Muscular dystrophy (MD) is a group of diseases that cause the voluntary muscles of the body to become progressively weaker, resulting eventually in a loss of mobility. What makes MD especially tragic is that it usually strikes the young and, as yet, there is no effective treatment.
A number of researchers within HSCI are striving to better understand MD in all its forms with the ultimate goal of finding a cure. One scientist involved in this effort is HSCI Principal Faculty member Amy Wagers, PhD, principal investigator in Developmental and Stem Cell Biology at Joslin Diabetes Center. Wagers’ lab focuses on identifying and characterizing tissue-specific stem cell populations in adult animal models that might be marshaled to support the repair of non-blood tissue, including muscle, in diseases such as MD.
In 2005, the Jain family of New York State established the Jain Foundation to help find a cure for rare forms of MD called LGMD2B/Miyoshi, which are caused by a lack of the protein dysferlin. Greatly impressed by Wagers and the promise of her work, the Jain Foundation is providing two years of funding for a research project that may lead to the identification of factors circulating in the blood that could improve the symptoms of forms of MD caused by a dysferlin deficiency, also called dysferlinopathies.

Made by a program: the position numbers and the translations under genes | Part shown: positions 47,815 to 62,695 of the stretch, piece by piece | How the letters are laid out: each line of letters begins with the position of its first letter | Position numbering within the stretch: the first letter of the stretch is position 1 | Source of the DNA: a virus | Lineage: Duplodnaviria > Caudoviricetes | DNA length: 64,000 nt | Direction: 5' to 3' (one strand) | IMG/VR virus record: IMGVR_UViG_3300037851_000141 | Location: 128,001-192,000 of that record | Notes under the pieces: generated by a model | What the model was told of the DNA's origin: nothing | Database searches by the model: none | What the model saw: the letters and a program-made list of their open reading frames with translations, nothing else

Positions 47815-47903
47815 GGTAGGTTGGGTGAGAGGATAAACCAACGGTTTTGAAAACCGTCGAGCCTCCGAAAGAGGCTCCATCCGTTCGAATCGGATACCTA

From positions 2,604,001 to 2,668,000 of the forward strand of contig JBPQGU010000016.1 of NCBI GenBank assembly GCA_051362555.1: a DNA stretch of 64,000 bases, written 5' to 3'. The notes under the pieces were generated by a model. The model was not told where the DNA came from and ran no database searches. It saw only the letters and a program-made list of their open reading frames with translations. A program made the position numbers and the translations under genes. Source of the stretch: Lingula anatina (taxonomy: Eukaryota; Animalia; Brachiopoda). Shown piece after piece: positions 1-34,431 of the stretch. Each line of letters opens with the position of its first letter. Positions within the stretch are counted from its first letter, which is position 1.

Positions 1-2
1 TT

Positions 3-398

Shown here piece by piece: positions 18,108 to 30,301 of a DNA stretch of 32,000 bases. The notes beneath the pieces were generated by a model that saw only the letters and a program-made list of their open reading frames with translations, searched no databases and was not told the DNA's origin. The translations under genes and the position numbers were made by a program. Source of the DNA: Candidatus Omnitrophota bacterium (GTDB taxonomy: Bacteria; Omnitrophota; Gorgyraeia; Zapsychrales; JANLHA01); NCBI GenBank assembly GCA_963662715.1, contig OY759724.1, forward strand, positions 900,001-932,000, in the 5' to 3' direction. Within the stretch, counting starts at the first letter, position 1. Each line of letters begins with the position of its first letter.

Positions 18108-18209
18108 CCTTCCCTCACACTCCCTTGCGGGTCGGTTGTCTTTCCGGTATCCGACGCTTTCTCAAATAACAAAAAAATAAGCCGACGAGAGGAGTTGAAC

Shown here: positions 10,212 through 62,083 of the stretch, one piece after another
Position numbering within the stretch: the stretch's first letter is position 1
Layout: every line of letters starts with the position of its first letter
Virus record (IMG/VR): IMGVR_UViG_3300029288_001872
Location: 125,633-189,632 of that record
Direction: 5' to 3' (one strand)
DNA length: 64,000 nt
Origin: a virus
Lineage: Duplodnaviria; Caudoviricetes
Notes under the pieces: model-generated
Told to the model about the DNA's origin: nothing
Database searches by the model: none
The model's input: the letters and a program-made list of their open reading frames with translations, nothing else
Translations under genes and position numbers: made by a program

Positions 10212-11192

“Dr. Wagers gave us one of the best proposals we have received, and we’re very excited about the successes she’s had,” says Jain Foundation President Plavi Mittal, PhD.
Wagers’ project is exploring whether exposing dsyferlin-deficient mice at different stages of muscle degeneration to the systemic environment of unaffected young mice will improve muscle regeneration. Wagers explains that this is done using a “powerful technique” called parabiosis, in which two animals are surgically joined so they develop a common circulatory system, giving the diseased animals exposure to all of the factors circulating in the unaffected animals’ blood. This technique has already shown that the regenerative capacity of skeletal muscle in aged mice can be improved by exposure to the systemic environment of young mice.
“Funding from the Jain Foundation is allowing us to use existing technology in a new direction and giving us the additional hands to study this disease,” says Wagers, adding that the foundation also provided access to animal models for this research. The ultimate goal of this funding is to find a treatment or cure for LGMD2B/Miyoshi, which may also have relevance to other dysferlinopathies.
“The interest and support of this international foundation is a recognition of the unique strengths of the HSCI Muscle Program, and will help significantly in advancing our mission to develop new stem cell-based treatments for muscle disease,” says Wagers. “We are very grateful for the Jain Foundation’s support.”